Thursday, April 23, 2009

Challenge: Six plants I can't live without!

My favorite garden writer/blogger Country Gardener - has extended the challenge to write about the Six plants you can't live without.
You would think that would be rather easy - but it is too difficult to really narrow it down, so I have picked the following (after I stopped thinking too much about it because that kept me awake last night!):
My very favorite flowering plants provide hope and promise at the first signs of spring. All the spring flowers are beautiful, yet the Snowdrop (Galanthus) is my favorite.
The European Beech (Fagus sylvatica) is the national tree of my native Denmark and a late spring day in the forest is just like the picture - maybe with an added carpet of wild anemones. The light shining through the canopy is like a magic lamp as the leaves are stretched out in almost vertical blankets. During the summer the leaves turn a darker green and in autumn the golden brown is like nothing else. Did you know that the leaves are edible?
I believe that the Nordman fir (Abies nordmanniana) is the cadillac of Christmas trees. I love its shape - open with almost horizontal branches that on older, larger trees will curve gracefully. They have a couple of very large specimens at the Niagara Parks Botanical Gardens.
Another favourite bloomer is the Siberian Iris (Iris siberica). I have quite a few of the above blue variety and even though each flower is short lived, it blooms for awhile during late spring as the buds open along the stems. After flowering the grass-like foliage stays fresh and green all summer.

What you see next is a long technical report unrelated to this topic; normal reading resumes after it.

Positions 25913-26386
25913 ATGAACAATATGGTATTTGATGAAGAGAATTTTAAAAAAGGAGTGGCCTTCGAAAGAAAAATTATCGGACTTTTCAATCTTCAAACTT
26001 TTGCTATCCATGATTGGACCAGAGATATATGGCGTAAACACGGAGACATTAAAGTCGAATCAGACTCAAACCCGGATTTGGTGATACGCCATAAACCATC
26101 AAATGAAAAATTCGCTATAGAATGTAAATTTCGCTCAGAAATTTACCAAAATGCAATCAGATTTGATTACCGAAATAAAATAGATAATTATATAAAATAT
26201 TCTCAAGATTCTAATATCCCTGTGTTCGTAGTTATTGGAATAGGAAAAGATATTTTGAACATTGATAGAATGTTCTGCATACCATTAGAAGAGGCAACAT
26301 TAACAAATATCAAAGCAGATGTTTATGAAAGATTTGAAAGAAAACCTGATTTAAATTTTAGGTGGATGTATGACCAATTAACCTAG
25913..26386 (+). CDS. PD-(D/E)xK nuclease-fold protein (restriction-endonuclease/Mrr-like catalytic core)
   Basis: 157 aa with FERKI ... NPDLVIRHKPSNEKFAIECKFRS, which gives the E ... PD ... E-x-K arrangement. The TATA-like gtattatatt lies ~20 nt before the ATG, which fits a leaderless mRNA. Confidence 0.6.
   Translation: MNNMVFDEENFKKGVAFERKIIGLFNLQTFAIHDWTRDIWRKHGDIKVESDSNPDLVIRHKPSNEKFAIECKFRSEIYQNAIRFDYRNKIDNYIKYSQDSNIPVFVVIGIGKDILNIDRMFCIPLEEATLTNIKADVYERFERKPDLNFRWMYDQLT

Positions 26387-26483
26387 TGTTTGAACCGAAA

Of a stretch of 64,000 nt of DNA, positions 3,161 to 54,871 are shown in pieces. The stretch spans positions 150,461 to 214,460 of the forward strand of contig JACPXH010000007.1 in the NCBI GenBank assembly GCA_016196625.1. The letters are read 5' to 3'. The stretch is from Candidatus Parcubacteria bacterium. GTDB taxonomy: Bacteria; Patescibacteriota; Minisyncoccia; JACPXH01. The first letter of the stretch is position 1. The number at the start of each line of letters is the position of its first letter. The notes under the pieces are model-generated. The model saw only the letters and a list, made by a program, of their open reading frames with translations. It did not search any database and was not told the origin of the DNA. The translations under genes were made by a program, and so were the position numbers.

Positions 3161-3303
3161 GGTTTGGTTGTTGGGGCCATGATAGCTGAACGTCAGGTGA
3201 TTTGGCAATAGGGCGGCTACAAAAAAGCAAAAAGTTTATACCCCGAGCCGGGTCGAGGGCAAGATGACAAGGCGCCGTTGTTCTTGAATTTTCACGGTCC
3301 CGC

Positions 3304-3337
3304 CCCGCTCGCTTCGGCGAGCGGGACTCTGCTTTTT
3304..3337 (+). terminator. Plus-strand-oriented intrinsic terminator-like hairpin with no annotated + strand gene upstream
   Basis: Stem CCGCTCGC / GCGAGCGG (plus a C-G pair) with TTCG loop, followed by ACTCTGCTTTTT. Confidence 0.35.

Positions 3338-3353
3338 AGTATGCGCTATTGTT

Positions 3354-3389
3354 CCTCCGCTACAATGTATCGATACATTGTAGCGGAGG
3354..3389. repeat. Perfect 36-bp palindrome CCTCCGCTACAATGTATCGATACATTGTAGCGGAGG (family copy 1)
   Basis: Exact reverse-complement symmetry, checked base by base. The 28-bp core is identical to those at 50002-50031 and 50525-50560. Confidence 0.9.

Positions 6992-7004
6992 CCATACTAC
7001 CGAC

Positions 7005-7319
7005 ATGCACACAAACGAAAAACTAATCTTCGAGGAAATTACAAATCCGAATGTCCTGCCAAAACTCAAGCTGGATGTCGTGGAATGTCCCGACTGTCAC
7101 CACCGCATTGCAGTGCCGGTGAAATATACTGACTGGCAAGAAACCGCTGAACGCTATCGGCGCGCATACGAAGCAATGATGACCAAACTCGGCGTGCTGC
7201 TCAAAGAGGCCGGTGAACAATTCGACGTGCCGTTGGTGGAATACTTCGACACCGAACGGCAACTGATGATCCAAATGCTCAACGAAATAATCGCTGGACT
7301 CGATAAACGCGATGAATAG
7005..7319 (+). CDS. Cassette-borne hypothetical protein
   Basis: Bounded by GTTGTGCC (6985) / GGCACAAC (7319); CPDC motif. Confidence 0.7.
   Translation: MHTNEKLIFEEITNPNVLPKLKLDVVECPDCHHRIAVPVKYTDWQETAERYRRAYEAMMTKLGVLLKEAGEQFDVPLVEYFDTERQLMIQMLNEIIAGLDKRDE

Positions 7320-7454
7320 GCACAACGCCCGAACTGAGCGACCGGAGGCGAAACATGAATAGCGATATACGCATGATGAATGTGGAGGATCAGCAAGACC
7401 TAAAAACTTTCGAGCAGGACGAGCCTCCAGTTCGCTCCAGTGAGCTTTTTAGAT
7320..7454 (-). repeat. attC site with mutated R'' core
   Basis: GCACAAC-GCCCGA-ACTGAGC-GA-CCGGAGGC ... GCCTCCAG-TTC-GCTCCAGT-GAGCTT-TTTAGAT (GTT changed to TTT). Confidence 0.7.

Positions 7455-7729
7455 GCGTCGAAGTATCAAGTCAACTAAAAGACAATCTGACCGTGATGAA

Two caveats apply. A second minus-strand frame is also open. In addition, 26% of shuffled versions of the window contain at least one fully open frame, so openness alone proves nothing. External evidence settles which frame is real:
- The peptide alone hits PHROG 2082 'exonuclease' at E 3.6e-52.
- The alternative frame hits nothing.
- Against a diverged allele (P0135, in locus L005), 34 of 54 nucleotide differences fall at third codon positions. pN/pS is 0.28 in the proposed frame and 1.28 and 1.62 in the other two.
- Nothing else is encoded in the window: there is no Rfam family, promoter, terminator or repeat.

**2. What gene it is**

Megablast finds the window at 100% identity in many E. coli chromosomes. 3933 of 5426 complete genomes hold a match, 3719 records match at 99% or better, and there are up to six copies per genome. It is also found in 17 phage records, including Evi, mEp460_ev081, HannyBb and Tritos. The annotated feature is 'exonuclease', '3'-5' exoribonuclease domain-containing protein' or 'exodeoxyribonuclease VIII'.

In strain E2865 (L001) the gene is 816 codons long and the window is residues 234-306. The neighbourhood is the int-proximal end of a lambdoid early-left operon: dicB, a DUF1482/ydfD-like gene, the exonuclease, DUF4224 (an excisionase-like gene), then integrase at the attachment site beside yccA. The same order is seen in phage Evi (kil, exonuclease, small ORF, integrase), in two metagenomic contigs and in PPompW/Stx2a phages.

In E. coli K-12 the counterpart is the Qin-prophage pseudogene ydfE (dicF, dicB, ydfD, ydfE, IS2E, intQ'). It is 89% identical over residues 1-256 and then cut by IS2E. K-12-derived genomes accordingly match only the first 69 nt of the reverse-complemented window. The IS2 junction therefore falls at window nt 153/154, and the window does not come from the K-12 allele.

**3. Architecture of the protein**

I never liked most rose bushes - I think the plant itself is ugly - but those flowers!! There are many beautiful (and also some climbers whose "frame" is good looking too), but I will choose the floribunda rose Iceberg (Rosa 'Iceberg') which was bred in Germany in 1958 and marketed under the name "Schneewittchen" which means Snow White. The buds have a light pink tint and the flower is almost completely white. It blooms all summer and the foliage is a healthy dark green. When I am ready to put in a rose garden, this one will be the first on my list.
Not much as soothing with the ability to make me feel good as my meadow (hey field) with different grasses, clover, trifoil, ox-eye daisies and more. That's not really "A plant" so the ornamental grasses will make up number six.
I can't pick just one, but here is a lovely summer pic of the early plumes of my Pampas grass (I think - but I don't know for sure) on a sunny summer day last year.
Thank you Yvonne, for challenging us - this was fun.

1 comment:

  1. Very interesting plants you've chosen. I'm very fond of beech trees too, but I can't grow roses at all, as we have too many Japanese beetles in our area.

    I have added a link to your post in my orginal post. Thanks for taking up the challenge.



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